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New Tech Creates New Risks

By Marjorie R. Bardwell, Justin L. Earley, and Alan B. Fields

The title world has changed.  The quill pen was replaced by a typewriter, then by a fancy memory typewriter.  A short time later, computers replaced the memory typewriter.  Clerks’ records went from bound books, to microfilm to being readily available online at your desk.  Title plants no longer have that musty smell of old books and maps, or the glare of microfiche readers.  Each technological advancement enhanced our efficiency, and changed the way we do things.

Now,  we’re about to make the biggest change of all – moving from physically signed paper deeds, mortgages and promissory notes to electronically signed, electronically notarized e-documents with closings conducted by video-links across the country.  Promoters are promising great efficiencies, and huge savings – and they may well be right. 

But the question remains, have the laws caught up with the technology?  Do the relatively “ancient” real estate laws governing what it takes to have a valid conveyance or mortgage have enough flexibility to work with 21st century technology?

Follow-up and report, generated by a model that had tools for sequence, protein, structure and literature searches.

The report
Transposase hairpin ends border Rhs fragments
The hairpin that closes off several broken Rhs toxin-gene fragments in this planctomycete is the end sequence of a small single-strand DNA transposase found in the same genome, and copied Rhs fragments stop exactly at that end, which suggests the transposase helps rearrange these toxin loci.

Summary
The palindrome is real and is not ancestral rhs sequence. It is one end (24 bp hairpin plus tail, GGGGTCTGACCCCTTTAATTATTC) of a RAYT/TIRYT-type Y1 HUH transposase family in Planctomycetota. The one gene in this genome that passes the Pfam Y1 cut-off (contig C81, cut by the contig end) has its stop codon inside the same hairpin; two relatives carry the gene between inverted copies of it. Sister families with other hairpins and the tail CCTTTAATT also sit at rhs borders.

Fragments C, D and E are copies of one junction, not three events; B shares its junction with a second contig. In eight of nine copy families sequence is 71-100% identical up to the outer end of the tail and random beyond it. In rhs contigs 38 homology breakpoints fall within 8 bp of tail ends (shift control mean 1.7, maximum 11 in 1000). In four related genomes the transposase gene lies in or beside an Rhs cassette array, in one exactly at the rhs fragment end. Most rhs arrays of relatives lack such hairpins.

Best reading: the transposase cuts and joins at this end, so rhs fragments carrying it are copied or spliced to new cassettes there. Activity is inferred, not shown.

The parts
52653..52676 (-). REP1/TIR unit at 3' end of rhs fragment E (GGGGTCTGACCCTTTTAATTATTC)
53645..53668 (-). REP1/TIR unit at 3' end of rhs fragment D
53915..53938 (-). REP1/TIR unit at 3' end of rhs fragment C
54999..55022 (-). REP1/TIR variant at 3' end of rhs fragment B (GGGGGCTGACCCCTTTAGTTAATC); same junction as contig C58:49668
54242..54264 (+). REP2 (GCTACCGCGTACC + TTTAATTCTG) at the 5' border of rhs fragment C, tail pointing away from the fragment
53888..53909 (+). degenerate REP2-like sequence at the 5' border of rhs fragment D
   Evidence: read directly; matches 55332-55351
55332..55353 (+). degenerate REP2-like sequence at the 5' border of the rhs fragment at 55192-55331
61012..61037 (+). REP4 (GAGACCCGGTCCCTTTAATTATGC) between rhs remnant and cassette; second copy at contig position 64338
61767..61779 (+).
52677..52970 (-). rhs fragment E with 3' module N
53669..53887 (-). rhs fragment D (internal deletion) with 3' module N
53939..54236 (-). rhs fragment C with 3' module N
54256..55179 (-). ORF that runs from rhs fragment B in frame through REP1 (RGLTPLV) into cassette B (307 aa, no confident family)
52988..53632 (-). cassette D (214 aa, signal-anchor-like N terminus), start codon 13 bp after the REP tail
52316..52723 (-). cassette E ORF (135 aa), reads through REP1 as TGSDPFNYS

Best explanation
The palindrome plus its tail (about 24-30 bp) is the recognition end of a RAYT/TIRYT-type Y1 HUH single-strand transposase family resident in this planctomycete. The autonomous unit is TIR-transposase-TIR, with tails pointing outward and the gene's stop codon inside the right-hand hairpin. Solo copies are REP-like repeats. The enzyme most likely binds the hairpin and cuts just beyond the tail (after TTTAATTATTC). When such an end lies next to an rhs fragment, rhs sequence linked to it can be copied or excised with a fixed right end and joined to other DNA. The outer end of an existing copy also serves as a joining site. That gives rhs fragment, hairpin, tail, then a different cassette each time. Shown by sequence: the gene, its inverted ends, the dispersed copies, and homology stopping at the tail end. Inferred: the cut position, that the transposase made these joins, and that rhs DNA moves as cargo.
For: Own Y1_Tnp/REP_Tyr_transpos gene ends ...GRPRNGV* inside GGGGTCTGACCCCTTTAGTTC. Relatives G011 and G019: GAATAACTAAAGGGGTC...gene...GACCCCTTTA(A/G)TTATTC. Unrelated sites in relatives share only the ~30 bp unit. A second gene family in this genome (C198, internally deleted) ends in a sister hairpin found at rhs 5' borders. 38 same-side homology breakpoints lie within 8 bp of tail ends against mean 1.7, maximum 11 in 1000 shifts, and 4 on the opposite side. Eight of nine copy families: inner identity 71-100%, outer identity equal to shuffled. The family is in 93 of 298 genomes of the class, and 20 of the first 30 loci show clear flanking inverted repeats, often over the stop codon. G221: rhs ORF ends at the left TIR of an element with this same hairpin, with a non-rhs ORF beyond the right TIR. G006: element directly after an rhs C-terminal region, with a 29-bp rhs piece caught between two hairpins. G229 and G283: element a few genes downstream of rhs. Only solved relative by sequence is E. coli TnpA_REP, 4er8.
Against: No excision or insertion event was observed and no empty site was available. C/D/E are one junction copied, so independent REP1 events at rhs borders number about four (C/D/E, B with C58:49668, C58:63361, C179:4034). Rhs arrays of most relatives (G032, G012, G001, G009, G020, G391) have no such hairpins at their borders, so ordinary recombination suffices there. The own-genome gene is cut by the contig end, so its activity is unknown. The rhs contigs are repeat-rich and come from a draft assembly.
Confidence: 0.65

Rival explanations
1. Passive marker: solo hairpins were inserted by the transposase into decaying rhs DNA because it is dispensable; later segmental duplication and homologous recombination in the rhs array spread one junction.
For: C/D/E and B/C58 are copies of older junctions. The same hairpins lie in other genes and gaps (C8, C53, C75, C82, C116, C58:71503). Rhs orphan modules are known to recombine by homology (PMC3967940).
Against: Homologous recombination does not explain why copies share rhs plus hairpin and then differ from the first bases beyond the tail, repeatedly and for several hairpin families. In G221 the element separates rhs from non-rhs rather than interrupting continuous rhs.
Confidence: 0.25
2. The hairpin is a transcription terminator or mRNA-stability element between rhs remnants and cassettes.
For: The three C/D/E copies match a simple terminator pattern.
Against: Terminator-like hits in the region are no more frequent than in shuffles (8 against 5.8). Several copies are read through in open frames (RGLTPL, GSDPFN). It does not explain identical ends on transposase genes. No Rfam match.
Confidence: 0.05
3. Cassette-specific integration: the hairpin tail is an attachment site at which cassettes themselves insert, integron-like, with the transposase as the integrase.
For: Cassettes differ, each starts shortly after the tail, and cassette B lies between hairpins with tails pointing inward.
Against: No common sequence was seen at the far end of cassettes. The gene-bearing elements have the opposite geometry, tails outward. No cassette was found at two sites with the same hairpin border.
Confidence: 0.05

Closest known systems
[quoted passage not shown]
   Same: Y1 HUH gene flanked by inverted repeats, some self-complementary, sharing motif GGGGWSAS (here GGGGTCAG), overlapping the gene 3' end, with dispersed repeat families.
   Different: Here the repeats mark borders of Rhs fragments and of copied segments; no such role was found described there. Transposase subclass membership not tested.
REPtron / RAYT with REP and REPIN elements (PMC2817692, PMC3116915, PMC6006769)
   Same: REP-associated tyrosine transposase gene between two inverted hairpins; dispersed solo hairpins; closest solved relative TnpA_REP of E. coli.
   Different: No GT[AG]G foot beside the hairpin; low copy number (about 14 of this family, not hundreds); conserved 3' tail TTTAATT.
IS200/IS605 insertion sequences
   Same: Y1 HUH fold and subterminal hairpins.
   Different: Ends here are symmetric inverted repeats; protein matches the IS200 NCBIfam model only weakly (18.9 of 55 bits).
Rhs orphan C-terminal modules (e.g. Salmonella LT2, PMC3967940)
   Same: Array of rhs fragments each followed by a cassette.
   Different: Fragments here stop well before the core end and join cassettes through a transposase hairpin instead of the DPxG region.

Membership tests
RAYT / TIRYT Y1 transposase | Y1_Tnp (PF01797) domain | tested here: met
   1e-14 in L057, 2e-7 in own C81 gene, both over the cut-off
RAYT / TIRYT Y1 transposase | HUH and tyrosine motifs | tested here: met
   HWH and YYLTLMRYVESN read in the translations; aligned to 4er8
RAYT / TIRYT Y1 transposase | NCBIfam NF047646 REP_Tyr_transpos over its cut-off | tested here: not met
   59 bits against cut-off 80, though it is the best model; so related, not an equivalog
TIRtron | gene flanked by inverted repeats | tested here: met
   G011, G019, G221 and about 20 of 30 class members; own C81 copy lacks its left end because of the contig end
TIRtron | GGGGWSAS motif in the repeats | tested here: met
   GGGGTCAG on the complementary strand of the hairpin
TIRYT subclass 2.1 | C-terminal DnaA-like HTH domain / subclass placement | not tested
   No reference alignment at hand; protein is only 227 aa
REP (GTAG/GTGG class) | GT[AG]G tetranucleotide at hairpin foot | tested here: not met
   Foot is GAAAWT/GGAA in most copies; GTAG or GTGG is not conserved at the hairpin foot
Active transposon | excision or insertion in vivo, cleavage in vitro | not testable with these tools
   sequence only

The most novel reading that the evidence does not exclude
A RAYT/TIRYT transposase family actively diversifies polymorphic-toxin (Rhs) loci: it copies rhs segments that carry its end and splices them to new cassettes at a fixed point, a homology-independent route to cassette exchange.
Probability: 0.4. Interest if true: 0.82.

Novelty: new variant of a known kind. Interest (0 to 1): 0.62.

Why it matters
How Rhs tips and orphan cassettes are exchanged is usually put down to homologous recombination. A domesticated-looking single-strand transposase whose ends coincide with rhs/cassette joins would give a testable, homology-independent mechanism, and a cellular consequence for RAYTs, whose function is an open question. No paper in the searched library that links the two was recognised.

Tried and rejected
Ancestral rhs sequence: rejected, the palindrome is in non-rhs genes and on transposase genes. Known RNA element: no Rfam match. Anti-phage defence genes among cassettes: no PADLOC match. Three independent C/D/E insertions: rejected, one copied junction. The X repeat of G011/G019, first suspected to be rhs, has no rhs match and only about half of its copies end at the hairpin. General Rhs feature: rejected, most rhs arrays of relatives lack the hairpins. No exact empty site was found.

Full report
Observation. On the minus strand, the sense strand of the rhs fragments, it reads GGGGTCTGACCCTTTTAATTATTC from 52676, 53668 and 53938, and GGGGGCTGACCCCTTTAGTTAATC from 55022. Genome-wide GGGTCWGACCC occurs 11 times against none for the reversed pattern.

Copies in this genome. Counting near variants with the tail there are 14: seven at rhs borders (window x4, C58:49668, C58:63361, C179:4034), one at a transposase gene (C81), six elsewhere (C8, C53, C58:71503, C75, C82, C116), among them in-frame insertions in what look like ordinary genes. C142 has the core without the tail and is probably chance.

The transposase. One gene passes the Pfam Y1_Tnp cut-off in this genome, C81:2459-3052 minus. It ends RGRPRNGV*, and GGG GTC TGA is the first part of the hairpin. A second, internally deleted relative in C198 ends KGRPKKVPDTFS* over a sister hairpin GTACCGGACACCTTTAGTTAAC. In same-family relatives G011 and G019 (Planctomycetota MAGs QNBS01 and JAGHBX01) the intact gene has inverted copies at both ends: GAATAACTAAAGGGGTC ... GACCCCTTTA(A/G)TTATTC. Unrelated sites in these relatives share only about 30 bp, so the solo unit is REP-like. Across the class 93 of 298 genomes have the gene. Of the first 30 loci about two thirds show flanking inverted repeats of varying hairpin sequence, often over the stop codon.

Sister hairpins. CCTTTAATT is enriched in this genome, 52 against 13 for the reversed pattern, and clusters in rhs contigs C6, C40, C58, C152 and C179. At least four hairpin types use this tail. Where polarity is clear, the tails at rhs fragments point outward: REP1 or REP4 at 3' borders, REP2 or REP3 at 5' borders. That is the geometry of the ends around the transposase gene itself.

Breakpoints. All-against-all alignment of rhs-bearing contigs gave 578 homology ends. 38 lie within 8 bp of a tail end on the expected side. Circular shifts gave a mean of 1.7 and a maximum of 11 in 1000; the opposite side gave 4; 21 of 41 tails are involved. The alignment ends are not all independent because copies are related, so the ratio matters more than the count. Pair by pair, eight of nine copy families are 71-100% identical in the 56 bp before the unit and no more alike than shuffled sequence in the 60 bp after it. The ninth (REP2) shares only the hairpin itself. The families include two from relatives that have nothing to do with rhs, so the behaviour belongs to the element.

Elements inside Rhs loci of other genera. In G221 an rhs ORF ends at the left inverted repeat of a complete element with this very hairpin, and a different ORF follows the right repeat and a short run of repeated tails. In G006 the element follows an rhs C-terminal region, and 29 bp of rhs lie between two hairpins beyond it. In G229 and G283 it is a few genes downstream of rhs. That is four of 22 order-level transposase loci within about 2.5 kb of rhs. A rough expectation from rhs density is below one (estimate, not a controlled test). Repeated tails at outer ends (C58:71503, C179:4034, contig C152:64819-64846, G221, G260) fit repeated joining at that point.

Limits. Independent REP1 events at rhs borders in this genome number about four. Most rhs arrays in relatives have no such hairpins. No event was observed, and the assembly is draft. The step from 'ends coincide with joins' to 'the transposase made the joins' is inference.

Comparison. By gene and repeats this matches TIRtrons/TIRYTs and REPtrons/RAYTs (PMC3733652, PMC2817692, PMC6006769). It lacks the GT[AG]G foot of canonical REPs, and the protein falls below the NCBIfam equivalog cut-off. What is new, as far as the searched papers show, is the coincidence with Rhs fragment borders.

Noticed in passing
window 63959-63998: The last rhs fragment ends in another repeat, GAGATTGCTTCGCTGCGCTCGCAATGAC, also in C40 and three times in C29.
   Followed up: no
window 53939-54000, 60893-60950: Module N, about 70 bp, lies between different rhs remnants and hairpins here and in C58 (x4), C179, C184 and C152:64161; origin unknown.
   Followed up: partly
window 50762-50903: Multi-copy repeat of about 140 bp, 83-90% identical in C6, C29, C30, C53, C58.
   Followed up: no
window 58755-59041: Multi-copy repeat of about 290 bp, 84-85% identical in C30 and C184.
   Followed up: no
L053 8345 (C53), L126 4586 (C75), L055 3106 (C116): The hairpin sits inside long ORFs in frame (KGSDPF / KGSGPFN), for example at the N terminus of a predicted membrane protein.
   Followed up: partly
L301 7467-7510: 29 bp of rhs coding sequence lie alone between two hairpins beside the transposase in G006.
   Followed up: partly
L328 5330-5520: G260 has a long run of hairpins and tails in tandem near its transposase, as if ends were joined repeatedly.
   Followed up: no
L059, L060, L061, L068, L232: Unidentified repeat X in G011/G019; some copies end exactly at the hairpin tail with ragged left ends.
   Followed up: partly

At this year’s ALTA ONE, you’ll hear three industry experts discuss how the law has – and hasn’t – kept up with the technology, and what they are doing to fix it.


Marjorie R. Bardwell is Vice President and Director of Underwriting Services for Fidelity National Title Group, Inc. Justin L. Earley is a Vice President in the Corporate Underwriting Department of First American Title Insurance Company. Alan B. Fields is Senior Vice President and Director of Underwriting Service for WFG National Title Insurance. All three title industry experts will speak more in depth about this topic during a session titled “New Tech Creates New Risks” at ALTA ONE in October. Click here to register for ALTA ONE.


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